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by Mary Azarian

School Library Journal K-Gr 3-This picture-book biography beautifully captures the essence of the life and passion of Wilson A. Bentley (1865-1931), known to many as "The Snowflake Man." A plaque in his hometown honors the work of this simple farmer who labored for 50 years to develop a technique of microphotography in an attempt to capture "...the grandeur and mystery of the snowflake." The story of this self-taught scientist begins with his early interest in the beauty of snow and his determination to find a way of sharing that beauty with others. At 16, his parents spent their life's savings on a special camera with its own microscope so he could make a permanent record of individual snowflakes. After two years of work, he perfected a technique for making acceptable pictures. He spent the rest of his life photographing ice crystals and sharing them with neighbors and interested scientists and artists around the world. Azarian's woodblock illustrations, hand tinted with watercolors, blend perfectly with the text and recall the rural Vermont of Bentley's time. The inclusion of a photograph of the scientist at work and three of his remarkable photographs adds authenticity. Two articles about his work, one written by Bentley himself, are listed on the CIP page. The story of this man's life is written with graceful simplicity. Sidebars decorated with snowflakes on every page add facts for those who want more details. An inspiring selection.-Virginia Golodetz, Children's Literature New England, Burlington, VT

Copyright Reed Business Information, a division of Reed Elsevier Inc. All rights reserved.

Publishers Weekly Azarian's (A Farmer's Alphabet) handsome woodcuts provide a homespun backdrop to Martin's (Grandmother Bryant's Pocket) brief biography of a farmboy born in 1865 on the Vermont snowbelt who never lost his fascination with snowflakes. Wilson A. Bentley spent 50 years pioneering the scientific study of ice crystals, and developed a technique of microphotography that allowed him to capture the hexagonal shapes and prove that no two snowflakes are alike. Martin conveys Bentley's passion in lyrical language ("snow was as beautiful as butterflies, or apple blossoms"), and punctuates her text with frequent sidebars packed with intriguing tidbits of information (though readers may be confused by the two that explain Bentley's solution of how to photograph the snowflakes). Hand-tinted with watercolors and firmly anchored in the rural 19th century, Azarian's woodcuts evoke an era of sleighs and woodstoves, front porches and barn doors, and their bold black lines provide visual contrast to the delicate snowflakes that float airily in the sidebars. A trio of Bentley's ground-breaking black-and-white photographs of snowflakes, along with a picture and quote from him about his love for his work, is the icing that tops off this attractive volume. Ages 4-8. (Sept.)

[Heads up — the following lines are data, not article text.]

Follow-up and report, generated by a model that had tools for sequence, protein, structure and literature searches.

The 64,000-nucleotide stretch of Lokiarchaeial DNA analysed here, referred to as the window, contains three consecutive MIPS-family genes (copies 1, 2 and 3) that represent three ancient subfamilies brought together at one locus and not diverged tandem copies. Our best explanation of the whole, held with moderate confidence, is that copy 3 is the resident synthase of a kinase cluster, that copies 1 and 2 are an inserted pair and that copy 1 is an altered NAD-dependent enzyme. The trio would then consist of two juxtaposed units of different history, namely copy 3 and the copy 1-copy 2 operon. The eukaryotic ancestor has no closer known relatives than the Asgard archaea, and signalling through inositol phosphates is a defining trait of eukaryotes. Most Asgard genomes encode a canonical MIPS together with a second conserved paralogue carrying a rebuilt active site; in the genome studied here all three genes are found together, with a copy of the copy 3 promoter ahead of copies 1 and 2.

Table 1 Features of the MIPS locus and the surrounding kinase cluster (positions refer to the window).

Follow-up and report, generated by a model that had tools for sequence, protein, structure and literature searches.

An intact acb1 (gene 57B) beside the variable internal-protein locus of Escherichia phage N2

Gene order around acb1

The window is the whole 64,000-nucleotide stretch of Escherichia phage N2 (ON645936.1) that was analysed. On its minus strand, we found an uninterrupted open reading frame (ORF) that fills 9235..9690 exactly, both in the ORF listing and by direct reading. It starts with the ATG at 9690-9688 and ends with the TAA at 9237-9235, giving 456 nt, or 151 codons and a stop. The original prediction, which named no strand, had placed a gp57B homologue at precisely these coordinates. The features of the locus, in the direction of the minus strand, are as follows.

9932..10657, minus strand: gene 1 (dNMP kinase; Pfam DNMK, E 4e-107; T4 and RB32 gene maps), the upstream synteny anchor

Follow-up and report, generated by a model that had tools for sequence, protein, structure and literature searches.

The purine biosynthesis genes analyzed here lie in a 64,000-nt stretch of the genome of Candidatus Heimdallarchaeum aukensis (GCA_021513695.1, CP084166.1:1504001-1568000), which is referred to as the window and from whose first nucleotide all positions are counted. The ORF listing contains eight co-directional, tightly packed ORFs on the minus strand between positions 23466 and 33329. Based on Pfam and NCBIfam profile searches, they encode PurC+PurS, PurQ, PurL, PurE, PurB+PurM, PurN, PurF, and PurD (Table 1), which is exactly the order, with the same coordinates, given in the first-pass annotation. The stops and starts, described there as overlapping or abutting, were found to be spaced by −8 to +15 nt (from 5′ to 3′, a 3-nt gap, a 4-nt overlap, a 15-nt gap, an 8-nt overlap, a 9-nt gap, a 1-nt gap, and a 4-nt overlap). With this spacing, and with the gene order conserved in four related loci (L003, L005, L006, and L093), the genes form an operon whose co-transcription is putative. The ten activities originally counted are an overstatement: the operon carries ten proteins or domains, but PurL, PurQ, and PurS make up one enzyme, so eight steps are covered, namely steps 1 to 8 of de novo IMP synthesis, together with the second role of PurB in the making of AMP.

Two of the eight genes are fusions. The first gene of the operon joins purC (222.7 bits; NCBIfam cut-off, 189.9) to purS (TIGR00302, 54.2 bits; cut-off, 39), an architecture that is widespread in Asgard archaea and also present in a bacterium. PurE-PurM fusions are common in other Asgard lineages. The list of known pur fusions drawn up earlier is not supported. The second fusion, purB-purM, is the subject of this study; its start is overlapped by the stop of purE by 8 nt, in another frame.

Copyright Reed Business Information, a division of Reed Elsevier Inc. All rights reserved.

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by Phyllis Reynolds Taylor

Publishers Weekly In the tradition of Sounder and Where the Red Fern Grows comes this boy-and-his-dog story set in rural West Virginia. When he finds a mistreated beagle pup, 11-year-old Marty knows that the animal should be returned to its rightful owner. But he also realizes that the dog will only be further abused. So he doesn't tell his parents about his discovery, sneaks food for the dog and gets himself into a moral dilemma in trying to do the right thing. Without breaking new ground, Marty's tale is well told, with a strong emphasis on family and religious values. This heartwarming novel should win new fans for the popular Naylor. Ages 8-12. (Sept.) (c) Copyright PWxyz, LLC. All rights reserved

(c) Copyright PWxyz, LLC. All rights reserved